WASHINGTON -- An online poker bill introduced last year by Sens. Jon Kyl (R-AZ) and Harry Reid (D-NV) has stalled in Congress. Reid had hoped to get the bill passed this summer or fall, before the election.
Political handicappers now say passage of the bill is highly unlikely. In recent weeks Reid has publicly blamed a fellow Nevadan, Sen. Dean Heller (R), for failing to round up enough Republican support to overcome a possible filibuster. Reid sent Heller a letter accusing Heller of abdicating his responsibility as a U.S. Senator on the matter.
"The Internet Gambling Prohibition, Poker Consumer Protection and Strengthening UIGEA Act of 2012" was introduced in June 2011, but details of its contents were not made public until this month.
The act would permit legal online poker and off-track horseracing on an opt-in basis, state by state. For the first two years of implementation, owners of brick and mortar casinos would be the only authorized operators of online poker sites. Poker sites would pay 16% tax rates, of which 14% would go to states and Indian tribes and 2% would go to the U.S. Separately, state governments would be authorized to launch online lottery sales at their discretion.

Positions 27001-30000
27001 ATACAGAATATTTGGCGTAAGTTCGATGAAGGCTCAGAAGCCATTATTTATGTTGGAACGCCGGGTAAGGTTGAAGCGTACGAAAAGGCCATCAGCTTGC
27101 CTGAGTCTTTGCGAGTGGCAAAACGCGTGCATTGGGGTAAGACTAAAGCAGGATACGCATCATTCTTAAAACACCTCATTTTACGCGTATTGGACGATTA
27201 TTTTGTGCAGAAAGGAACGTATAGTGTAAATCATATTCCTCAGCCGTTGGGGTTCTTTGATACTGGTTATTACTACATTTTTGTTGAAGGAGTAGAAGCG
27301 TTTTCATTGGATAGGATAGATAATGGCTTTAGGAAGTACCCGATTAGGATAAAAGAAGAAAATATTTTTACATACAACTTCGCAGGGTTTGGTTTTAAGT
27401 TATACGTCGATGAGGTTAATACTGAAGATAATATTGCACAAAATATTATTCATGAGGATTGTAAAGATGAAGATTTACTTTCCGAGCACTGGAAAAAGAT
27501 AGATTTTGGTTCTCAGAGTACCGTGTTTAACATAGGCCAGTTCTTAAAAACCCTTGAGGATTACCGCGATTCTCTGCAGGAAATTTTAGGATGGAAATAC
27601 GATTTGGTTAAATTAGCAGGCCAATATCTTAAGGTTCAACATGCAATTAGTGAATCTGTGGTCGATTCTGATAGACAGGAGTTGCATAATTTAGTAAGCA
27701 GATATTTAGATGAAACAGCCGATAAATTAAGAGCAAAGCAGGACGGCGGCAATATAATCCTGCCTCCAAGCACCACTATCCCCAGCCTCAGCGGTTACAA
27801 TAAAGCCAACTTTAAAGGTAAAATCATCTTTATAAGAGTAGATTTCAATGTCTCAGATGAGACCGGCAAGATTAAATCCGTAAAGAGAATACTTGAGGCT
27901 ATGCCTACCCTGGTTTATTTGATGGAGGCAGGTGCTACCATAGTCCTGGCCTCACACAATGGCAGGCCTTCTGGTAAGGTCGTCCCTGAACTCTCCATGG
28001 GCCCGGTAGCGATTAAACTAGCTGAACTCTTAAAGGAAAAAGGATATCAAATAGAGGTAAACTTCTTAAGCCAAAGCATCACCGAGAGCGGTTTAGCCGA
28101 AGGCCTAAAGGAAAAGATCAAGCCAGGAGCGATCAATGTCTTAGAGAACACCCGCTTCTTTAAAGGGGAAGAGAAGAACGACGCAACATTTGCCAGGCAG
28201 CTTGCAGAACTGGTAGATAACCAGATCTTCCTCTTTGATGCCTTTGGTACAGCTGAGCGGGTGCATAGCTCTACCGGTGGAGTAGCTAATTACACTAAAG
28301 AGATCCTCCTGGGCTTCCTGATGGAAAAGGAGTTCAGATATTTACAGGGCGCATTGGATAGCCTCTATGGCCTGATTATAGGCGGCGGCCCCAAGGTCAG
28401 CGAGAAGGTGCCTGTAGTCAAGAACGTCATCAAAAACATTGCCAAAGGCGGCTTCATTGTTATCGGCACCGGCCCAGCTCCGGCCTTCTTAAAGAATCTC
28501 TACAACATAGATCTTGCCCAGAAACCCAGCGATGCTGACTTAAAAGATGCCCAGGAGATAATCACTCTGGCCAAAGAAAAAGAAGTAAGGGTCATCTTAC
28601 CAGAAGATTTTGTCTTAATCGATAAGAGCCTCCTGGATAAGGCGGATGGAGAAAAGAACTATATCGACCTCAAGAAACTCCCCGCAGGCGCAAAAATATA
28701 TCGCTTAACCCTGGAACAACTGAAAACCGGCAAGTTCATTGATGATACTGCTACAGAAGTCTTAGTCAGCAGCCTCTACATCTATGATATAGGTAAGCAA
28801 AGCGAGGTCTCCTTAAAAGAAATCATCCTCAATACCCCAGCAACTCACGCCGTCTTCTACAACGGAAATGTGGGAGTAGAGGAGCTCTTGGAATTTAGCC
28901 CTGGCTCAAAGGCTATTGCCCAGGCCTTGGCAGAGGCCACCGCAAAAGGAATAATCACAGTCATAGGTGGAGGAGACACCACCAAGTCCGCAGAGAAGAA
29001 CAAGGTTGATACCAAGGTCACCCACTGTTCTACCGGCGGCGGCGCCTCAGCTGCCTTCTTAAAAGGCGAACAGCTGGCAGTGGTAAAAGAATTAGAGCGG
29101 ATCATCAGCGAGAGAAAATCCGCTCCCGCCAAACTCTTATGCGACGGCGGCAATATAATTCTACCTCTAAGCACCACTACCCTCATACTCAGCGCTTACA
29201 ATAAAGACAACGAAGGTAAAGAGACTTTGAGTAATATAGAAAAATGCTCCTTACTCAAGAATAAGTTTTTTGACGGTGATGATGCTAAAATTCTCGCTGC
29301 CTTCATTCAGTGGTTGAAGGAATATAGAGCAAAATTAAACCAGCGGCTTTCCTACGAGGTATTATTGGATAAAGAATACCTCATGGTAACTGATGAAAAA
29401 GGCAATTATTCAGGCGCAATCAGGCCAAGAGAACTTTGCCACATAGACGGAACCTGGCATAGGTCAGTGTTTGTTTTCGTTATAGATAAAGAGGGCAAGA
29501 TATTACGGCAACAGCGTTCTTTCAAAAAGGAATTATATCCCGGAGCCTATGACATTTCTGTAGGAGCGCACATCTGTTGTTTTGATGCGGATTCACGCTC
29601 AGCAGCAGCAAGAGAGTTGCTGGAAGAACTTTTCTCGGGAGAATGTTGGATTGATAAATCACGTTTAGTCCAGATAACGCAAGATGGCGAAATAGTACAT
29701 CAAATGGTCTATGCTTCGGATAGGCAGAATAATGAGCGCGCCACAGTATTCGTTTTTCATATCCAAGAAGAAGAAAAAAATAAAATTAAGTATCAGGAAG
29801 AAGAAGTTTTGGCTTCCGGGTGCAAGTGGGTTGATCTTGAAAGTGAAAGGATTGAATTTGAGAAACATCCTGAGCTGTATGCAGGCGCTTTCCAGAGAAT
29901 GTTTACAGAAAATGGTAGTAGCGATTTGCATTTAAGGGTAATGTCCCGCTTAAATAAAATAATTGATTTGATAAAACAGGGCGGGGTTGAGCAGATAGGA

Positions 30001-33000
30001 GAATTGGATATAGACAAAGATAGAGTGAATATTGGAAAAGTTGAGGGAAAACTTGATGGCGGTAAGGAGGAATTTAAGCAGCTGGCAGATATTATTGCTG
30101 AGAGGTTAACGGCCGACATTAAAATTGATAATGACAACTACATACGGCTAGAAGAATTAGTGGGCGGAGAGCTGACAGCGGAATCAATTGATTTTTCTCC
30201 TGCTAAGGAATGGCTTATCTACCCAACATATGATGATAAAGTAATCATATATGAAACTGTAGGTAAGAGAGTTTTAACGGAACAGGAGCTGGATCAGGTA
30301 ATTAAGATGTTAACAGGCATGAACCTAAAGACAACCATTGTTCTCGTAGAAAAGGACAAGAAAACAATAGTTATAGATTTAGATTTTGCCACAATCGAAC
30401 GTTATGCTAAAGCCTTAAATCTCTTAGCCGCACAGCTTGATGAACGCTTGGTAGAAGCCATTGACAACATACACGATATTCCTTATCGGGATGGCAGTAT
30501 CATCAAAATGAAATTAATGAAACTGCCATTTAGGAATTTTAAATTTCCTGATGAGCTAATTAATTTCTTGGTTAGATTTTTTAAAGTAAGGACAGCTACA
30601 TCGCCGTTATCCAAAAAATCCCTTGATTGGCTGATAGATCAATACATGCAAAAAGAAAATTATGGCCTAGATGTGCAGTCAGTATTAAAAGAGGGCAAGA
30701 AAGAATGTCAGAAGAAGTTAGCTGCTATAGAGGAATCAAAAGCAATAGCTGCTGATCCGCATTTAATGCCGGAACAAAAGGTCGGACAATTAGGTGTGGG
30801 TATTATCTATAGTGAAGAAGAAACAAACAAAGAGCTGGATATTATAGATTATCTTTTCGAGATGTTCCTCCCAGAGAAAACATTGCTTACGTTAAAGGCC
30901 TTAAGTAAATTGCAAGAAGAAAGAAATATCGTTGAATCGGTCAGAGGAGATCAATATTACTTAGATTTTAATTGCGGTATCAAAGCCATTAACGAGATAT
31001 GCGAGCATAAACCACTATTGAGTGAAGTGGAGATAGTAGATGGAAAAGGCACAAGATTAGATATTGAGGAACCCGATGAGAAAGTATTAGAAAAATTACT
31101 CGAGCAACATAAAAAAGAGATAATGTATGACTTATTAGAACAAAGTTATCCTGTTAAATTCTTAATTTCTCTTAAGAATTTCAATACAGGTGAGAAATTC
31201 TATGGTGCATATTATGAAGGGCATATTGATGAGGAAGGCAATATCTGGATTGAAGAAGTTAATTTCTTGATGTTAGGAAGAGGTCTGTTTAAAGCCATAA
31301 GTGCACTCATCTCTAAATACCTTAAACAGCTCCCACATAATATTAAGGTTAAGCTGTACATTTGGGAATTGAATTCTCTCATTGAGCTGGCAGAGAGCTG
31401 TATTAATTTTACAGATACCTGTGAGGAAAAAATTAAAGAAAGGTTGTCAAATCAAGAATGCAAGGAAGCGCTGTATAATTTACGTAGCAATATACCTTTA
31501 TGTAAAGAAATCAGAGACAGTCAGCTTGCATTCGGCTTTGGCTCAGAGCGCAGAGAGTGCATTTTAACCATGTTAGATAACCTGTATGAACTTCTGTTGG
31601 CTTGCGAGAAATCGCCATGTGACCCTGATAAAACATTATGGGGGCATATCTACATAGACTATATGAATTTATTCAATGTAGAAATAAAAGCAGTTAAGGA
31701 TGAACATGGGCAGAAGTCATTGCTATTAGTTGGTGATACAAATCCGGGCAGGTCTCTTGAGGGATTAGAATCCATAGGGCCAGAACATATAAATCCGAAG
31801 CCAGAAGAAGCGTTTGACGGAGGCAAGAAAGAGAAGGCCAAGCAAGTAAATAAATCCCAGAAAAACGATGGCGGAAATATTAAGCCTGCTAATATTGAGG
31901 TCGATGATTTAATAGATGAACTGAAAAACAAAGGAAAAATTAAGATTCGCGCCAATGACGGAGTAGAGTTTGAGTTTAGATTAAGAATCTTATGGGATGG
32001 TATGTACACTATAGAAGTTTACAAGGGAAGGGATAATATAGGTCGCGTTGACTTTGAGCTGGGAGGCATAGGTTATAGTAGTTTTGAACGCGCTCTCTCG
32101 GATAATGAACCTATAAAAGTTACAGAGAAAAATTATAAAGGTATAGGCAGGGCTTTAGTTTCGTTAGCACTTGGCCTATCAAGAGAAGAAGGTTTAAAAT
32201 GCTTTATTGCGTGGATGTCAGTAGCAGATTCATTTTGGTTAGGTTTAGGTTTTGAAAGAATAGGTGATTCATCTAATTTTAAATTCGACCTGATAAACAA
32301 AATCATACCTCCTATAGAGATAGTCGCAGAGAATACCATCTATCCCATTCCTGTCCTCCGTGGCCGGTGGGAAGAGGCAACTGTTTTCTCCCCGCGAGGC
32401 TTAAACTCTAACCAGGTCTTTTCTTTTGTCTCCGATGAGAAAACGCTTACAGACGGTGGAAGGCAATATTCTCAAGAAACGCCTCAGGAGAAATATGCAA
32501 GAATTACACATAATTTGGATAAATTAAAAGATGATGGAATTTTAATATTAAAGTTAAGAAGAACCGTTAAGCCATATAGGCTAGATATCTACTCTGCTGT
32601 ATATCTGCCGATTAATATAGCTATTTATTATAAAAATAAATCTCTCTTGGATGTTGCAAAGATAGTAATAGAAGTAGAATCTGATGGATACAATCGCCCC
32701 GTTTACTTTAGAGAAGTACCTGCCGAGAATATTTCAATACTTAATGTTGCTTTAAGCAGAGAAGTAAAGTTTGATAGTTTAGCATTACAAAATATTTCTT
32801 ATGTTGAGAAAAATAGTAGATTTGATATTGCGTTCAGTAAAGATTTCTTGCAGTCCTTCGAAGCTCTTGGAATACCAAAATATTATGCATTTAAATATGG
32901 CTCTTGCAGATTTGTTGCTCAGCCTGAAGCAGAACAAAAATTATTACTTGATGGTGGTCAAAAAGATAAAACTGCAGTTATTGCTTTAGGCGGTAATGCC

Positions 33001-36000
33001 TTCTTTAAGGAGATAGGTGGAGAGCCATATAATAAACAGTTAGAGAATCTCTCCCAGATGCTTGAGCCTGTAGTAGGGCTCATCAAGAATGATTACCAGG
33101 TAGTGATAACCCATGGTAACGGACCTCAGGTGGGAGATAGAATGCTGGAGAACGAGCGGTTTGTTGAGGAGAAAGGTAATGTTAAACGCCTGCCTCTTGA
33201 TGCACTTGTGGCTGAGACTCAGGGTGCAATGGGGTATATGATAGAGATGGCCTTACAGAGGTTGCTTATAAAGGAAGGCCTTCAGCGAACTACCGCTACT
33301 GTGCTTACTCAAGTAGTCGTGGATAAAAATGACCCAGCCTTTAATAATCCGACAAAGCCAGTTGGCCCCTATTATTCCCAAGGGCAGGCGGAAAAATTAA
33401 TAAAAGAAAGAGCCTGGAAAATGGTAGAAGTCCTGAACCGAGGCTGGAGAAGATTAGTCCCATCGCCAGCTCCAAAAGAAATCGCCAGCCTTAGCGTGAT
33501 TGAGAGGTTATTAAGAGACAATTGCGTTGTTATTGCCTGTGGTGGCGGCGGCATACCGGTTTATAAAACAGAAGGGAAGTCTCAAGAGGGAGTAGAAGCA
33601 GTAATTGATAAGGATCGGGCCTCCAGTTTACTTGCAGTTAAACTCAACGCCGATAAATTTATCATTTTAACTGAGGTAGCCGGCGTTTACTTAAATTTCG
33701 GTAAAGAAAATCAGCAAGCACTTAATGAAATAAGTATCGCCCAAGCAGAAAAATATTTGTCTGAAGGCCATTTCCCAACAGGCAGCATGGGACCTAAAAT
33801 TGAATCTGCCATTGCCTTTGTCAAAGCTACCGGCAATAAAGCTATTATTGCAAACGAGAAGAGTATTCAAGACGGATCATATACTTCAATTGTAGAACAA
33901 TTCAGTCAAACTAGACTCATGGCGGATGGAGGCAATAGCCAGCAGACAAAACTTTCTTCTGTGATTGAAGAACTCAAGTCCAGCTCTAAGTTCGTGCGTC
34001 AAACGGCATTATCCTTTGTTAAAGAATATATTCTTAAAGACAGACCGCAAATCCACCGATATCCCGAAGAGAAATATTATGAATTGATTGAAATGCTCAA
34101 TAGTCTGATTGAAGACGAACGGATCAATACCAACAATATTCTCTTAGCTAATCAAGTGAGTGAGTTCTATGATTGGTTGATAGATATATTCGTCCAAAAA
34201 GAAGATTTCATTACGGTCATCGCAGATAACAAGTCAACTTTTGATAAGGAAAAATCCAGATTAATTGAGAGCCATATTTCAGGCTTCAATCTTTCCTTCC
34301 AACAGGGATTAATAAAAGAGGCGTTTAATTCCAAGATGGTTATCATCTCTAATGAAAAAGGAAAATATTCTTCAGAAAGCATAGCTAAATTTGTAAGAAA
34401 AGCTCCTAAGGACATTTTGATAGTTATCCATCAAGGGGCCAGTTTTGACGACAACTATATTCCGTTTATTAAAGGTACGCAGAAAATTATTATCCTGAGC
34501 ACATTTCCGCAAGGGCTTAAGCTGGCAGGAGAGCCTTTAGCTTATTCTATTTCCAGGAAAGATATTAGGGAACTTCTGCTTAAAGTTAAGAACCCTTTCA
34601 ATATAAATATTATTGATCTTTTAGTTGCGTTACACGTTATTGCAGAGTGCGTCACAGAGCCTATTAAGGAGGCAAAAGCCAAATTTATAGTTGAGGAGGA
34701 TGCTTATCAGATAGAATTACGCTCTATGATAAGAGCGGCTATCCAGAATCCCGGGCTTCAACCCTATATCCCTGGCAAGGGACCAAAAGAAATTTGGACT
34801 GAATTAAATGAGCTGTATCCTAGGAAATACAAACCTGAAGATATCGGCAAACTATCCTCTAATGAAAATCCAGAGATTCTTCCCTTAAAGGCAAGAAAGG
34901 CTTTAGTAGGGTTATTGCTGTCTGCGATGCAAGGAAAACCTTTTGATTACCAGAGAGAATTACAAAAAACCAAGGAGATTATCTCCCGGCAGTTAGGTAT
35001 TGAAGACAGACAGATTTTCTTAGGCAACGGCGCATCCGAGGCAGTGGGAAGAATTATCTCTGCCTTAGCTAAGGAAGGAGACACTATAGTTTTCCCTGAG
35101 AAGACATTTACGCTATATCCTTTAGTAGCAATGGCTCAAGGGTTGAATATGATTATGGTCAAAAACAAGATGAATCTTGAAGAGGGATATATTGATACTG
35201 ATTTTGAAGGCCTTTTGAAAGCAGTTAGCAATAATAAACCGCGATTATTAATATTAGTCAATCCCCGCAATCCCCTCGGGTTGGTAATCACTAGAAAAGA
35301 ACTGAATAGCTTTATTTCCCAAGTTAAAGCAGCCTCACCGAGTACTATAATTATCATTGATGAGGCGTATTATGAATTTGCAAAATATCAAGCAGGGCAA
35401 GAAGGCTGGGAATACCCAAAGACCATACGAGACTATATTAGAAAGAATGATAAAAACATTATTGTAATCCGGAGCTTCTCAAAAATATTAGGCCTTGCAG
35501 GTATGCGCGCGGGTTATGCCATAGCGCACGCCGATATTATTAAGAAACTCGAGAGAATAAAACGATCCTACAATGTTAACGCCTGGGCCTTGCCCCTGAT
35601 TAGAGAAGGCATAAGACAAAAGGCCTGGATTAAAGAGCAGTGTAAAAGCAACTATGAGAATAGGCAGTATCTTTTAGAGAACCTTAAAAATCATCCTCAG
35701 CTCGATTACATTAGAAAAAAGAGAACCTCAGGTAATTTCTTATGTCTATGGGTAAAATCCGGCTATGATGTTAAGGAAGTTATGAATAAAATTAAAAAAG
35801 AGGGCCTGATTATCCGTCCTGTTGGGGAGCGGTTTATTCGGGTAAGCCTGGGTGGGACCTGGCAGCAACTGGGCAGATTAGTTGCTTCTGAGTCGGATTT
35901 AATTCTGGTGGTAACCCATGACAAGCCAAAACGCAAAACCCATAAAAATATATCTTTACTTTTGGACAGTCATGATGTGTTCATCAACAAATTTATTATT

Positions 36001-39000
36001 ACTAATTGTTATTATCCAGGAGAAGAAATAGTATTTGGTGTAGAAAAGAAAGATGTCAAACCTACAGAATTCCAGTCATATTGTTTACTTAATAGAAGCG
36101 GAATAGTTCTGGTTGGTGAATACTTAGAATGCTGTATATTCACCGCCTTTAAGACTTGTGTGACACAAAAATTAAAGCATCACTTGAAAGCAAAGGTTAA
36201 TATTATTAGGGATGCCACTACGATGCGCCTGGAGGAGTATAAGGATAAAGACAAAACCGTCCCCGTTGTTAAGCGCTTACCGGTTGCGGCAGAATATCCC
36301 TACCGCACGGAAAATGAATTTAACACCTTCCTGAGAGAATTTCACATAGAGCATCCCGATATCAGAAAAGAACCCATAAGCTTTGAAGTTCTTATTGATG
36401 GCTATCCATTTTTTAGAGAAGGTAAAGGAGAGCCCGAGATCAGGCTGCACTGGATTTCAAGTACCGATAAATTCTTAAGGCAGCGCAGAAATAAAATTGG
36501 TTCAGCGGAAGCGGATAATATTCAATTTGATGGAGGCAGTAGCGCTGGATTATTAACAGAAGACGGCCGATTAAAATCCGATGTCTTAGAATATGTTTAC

The act would also create the Office of Online Poker Oversight within the U.S. Commerce Department to handle licensing and enforcement.
Although 30 senators have signed on to sponsor the bill, it has remained locked up in a congressional subcommittee.
Several state governments have considered legalizing online poker within their own jurisdictions since December 2011, when the U.S. Justice Department announced a new interpretation to the 1961 Wire Act, saying it prohibited only online sports bets. | SEE STORY
The Reid-Kyl bill would tighten up these new loopholes in the Wire Act by outlawing all forms of additional online gambling other than poker.
Meanwhile, Delaware won the race to be the first state to legalize online poker, blackjack, slots and other casino games on June 27 when Gov. Jack Markell (D) signed the Delaware Gaming Competitiveness Act of 2012 into law.